There is a growing acceptance of cannabis in the United States. At the time of writing, more than one-third of Americans live in a state where recreational marijuana is permitted.
It remains a long road ahead to earn federal legal status, but cannabis campaigners have achieved a remarkable amount.
Since California implemented an MMJ program in 1996, momentum towards full legalization has grown. Unfortunately, not every state is willing to follow California, Colorado, Oregon, and others. In some of these locations, the sale or possession of marijuana is a serious crime. However, in others, the substance is decriminalized.
In this article, we check out the states that prohibit cannabis, along with possible penalties if caught using it.
Which States in the USA Is Marijuana Not Legal In?
Though the situation is currently changing every single year, medical marijuana is now legal in 35 states. However, it means there are still 15 states that don’t allow cannabis.
Here is an up to date list:
- North Carolina
- South Carolina
In most of these states, CBD oil is legal for purchase in pharmacies or local dispensaries. However, you may require a doctor’s prescription in some cases. In Georgia and Virginia, you can use CBD oil with a maximum THC of 5% with a doctor’s recommendation.
In Texas, the CBD oil can’t contain more than 0.5% THC, while the limit is 0.9% in Tennessee and South Carolina and 3% in Iowa. You can technically get CBD oil in Idaho and Kansas, but it can’t contain a trace of THC. Nebraska is one of the few standouts in that it technically doesn’t even permit the use of cannabidiol.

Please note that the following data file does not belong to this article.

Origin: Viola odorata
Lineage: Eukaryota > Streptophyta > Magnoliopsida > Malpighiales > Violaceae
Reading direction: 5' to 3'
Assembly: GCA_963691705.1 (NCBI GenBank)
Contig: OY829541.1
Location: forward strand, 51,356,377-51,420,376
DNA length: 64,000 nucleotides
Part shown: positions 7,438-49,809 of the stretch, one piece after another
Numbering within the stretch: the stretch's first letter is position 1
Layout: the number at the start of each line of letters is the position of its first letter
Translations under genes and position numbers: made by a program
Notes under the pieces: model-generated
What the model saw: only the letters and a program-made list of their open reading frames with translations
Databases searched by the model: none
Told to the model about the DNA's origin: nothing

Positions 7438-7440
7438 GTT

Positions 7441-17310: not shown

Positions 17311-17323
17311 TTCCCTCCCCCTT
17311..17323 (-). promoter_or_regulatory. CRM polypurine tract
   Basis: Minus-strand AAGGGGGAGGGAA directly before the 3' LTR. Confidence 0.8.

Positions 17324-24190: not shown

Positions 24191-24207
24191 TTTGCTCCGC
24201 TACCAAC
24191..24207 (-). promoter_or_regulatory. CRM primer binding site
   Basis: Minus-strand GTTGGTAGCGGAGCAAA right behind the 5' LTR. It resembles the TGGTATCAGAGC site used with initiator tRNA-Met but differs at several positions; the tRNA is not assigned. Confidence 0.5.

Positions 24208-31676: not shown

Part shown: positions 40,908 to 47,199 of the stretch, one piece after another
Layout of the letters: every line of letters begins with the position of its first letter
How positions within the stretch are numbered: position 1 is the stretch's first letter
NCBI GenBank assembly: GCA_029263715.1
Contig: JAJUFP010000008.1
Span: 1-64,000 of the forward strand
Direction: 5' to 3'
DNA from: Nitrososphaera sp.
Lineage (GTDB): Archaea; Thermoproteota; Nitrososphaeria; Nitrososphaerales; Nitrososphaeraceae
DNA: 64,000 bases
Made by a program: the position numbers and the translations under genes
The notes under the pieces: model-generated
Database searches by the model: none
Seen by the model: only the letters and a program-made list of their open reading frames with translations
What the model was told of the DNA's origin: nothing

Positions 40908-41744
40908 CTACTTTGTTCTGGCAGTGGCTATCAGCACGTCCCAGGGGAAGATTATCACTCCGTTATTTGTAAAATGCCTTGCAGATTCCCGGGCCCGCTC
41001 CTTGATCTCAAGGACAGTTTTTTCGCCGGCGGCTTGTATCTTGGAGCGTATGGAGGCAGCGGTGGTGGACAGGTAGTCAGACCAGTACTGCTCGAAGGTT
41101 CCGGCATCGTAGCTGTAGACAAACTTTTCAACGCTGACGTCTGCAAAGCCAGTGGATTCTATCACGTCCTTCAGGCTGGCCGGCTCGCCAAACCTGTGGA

Decriminalization of Marijuana
In the vast majority of states, cannabis is decriminalized. This means you won’t go to jail for possessing a small amount. Instead, it is generally considered a civil infraction. You receive a fine, but the charge doesn’t go on your criminal record.
The amount that’s decriminalized depends on the state. In most places, you get away with up to an ounce. However, in Connecticut, the maximum amount is half an ounce. It is 10 grams in Maryland. Check out your state’s laws to learn more.
Most of the states that decriminalize the possession of cannabis have at least an MMJ program. The majority of ‘illegal’ locations don’t, with Nebraska, North Carolina, and Virginia the exceptions. However, many of the remaining 12 states classify it as a misdemeanor. The following locations could punish you heavily, however:
- Georgia (Decriminalized in some areas such as Atlanta, Savannah, and Statesboro)
What Could Happen to You if You Smoke Marijuana in These States?
Don’t assume that a misdemeanor charge means you get off lightly. In Indiana, for example, you could receive a six-month prison sentence. However, things get much worse if you are arrested and found guilty in the four states we mentioned above:
- Alabama: The possession of any amount could result in a year in prison. The sale of any amount of weed is a felony with jail terms ranging from 2 to 20 years.
- Georgia: If you have less than an ounce, you can still get up to a year in prison. Possession of more than an ounce is a felony with a possible prison term of 10 years. The mandatory minimum sentence is a year. Sale of any amount is also a felony with a mandatory minimum sentence of 12 months.
- Iowa: Possession of any amount carries a prison sentence of up to six months. A second offense could mean a year in prison.
- Texas: Less than two ounces could spell six months in prison. Anything above four ounces but less than five pounds is a felony with at least six months in jail.